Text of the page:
Commercial property scene here thriving

REDEVELOPMENT: The LJ Hooker building on Reads Quay is the latest example of an old commercial building having new life breathed into it. Picture by Rebecca Grunwell

Gisborne’s commercial property scene is increasingly being revitalised with new investment coming into the city, and Colliers International says that could help encourage existing building owners to modernise further.

In the past demand for commercial investment in Gisborne was limited, but Colliers International commercial and investment sales director Philip Searle said that had now changed.

“The commercial property market in Gisborne is a bit of a mixed bag; on one hand we have modern well-leased properties in good locations, while we have other older-type properties that have significant issues such as a requirement for earthquake strengthening or refurbishment.

“After (many) years working in the commercial and industrial property market, you realise that what is an ideal purchase for one has no attraction for another person. We have a database of buyers looking for well-leased properties that are not in need of work, while others are in the market for properties that have a few challenges such as requiring strengthening, refurbishment or a new tenant.”

Mr Searle said the new Mitre10 building in Derby St, on the former gasworks site, would be a welcome addition to the commercial property scene.

“When substantial investment is made in an area it often gives confidence to another owner to redevelop or rebuild their own property. Some of the buildings that have been strengthened in the past few years have been redeveloped at the same time, turning something that was somewhat of a liability into a desirable investment.

“There is no shortage of purchasers locally when it comes to attractive investment properties, and even more so as people realise their cash investments are getting very little from the banks as interest rates fall. When there is more demand for property, inevitably the capitalisation rate begins to fall.”

The capitalisation rate is the annual return an owner receives from their investment as a percentage of what the property was bought for.

“For many years Gisborne was known for having cap rates of 12 to 14 percent because there was little demand here. Now we are seeing modern, well-leased properties getting down to the low 6 percents. The average fully-leased property would generally sell between 7 to 8 percent but is affected by factors such as location, age and strength of tenant.

“Overall, the standard of the Gisborne commercial property stock is improving steadily. We have fewer and fewer substandard buildings, as developers such as McCannics breathe new life into some of our problem buildings. Time generally catches up with all properties as they become economic to repair, replace or pull down, and we see the local landscape quietly changing for the better.”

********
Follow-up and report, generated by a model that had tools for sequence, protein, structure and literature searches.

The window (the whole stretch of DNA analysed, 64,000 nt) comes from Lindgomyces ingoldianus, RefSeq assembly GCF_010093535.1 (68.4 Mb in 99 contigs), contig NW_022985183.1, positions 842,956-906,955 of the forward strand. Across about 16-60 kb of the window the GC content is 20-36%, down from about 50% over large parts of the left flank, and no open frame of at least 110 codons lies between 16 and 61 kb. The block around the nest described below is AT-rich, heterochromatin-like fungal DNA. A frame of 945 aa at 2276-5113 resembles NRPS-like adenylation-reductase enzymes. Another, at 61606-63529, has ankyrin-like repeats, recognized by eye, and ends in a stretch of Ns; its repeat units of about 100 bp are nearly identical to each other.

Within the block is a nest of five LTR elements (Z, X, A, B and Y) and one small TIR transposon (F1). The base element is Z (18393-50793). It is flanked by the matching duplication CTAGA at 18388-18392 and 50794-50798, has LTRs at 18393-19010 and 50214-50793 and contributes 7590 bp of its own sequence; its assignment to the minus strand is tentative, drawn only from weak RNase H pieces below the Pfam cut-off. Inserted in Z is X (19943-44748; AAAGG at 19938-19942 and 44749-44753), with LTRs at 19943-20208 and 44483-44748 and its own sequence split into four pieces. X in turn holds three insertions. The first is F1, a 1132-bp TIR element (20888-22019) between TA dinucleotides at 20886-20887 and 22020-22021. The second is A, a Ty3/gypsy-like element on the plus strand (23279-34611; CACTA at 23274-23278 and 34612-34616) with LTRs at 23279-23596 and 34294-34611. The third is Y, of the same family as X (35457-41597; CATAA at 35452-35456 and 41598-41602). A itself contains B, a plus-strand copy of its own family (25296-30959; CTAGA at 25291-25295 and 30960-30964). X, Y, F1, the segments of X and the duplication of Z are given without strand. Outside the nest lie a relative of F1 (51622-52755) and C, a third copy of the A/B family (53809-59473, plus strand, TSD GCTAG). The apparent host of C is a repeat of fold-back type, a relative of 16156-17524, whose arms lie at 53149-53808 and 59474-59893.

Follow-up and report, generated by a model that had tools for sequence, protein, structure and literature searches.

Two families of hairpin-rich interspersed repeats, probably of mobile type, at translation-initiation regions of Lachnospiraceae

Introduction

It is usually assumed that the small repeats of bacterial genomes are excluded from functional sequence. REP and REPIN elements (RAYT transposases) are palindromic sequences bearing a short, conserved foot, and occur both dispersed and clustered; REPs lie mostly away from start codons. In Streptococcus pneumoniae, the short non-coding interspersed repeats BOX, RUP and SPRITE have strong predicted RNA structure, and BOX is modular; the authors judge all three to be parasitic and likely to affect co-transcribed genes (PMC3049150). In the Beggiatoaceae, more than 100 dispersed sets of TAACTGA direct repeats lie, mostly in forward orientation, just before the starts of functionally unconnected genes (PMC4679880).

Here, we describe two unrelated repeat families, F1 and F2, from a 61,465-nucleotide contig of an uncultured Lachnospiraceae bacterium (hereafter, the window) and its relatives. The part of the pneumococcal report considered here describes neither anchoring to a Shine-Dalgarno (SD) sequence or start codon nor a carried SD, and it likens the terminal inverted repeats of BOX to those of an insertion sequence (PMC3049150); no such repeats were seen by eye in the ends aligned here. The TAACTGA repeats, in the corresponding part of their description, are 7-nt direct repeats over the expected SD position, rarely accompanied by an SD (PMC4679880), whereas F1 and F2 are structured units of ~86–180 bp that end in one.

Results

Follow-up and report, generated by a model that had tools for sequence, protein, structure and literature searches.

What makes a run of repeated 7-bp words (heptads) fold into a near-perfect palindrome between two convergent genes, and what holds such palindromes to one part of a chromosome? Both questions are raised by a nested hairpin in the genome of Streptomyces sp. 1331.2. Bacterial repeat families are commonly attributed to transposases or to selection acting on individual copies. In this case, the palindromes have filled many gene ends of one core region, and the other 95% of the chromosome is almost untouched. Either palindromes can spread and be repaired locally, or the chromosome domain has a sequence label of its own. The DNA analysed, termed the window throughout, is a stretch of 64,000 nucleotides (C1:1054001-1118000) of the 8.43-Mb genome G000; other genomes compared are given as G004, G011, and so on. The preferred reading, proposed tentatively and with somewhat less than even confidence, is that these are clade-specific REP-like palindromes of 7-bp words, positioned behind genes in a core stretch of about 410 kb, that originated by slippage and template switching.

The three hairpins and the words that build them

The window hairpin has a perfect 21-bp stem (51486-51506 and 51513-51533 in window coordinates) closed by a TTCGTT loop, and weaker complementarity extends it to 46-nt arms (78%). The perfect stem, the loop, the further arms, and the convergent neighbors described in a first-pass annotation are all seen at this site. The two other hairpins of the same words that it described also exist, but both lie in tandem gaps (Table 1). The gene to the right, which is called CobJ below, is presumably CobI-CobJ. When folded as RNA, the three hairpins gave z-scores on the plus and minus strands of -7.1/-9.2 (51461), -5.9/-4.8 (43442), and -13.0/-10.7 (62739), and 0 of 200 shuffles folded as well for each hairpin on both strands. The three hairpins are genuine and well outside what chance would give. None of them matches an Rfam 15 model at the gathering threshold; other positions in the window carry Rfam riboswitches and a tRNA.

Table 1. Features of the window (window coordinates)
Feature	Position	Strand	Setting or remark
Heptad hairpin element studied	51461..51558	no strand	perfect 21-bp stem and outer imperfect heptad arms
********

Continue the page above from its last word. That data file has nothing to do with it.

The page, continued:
Gisborne’s commercial property scene is increasingly being revitalised with new investment coming into the city, and Colliers International says that could help encourage existing building owners to modernise further.

In the past demand for commercial investment in Gisborne was limited, but Colliers International commercial and investment sales director Philip Searle said that had now changed.

“The commercial property market in Gisborne is a bit of a mixed bag; on one hand we have modern well-leased properties in good locations, while we have other older-type properties that have significant issues such as a requirement for earthquake strengthening or refurbishment.

“After (many) years working in the commercial and industrial property market, you realise that what is an ideal purchase for one has no attraction for another person. We have a database of buyers looking for well-leased properties that are not in need of work, while others are in the market for properties that have a few challenges such as requiring strengthening, refurbishment or a new tenant.”

Mr Searle said the new Mitre10 building in Derby St, on the former gasworks site, would be a welcome addition to the commercial property scene.

“When substantial investment is made in an area it often gives confidence to another owner to redevelop or rebuild their own property. Some of the buildings that have been strengthened in the past few years have been redeveloped at the same time, turning something that was somewhat of a liability into a desirable investment.

“There is no shortage of purchasers locally when it comes to attractive investment properties, and even more so as people realise their cash investments are getting very little from the banks as interest rates fall. When there is more demand for property, inevitably the capitalisation rate begins to fall.”

The capitalisation rate is the annual return an owner receives from their investment as a percentage of what the property was bought for.

“For many years Gisborne was known for having cap rates of 12 to 14 percent because there was little demand here. Now we are seeing modern, well-leased properties getting down to the low 6 percents. The average fully-leased property would generally sell between 7 to 8 percent but is affected by factors such as location, age and strength of tenant.

“Overall, the standard of the Gisborne commercial property stock is improving steadily. We have fewer and fewer substandard buildings, as developers such as McCannics breathe new life into some of our problem buildings. Time generally catches up with all properties as they become economic to repair, replace or pull down, and we see the local landscape quietly changing for the better.”

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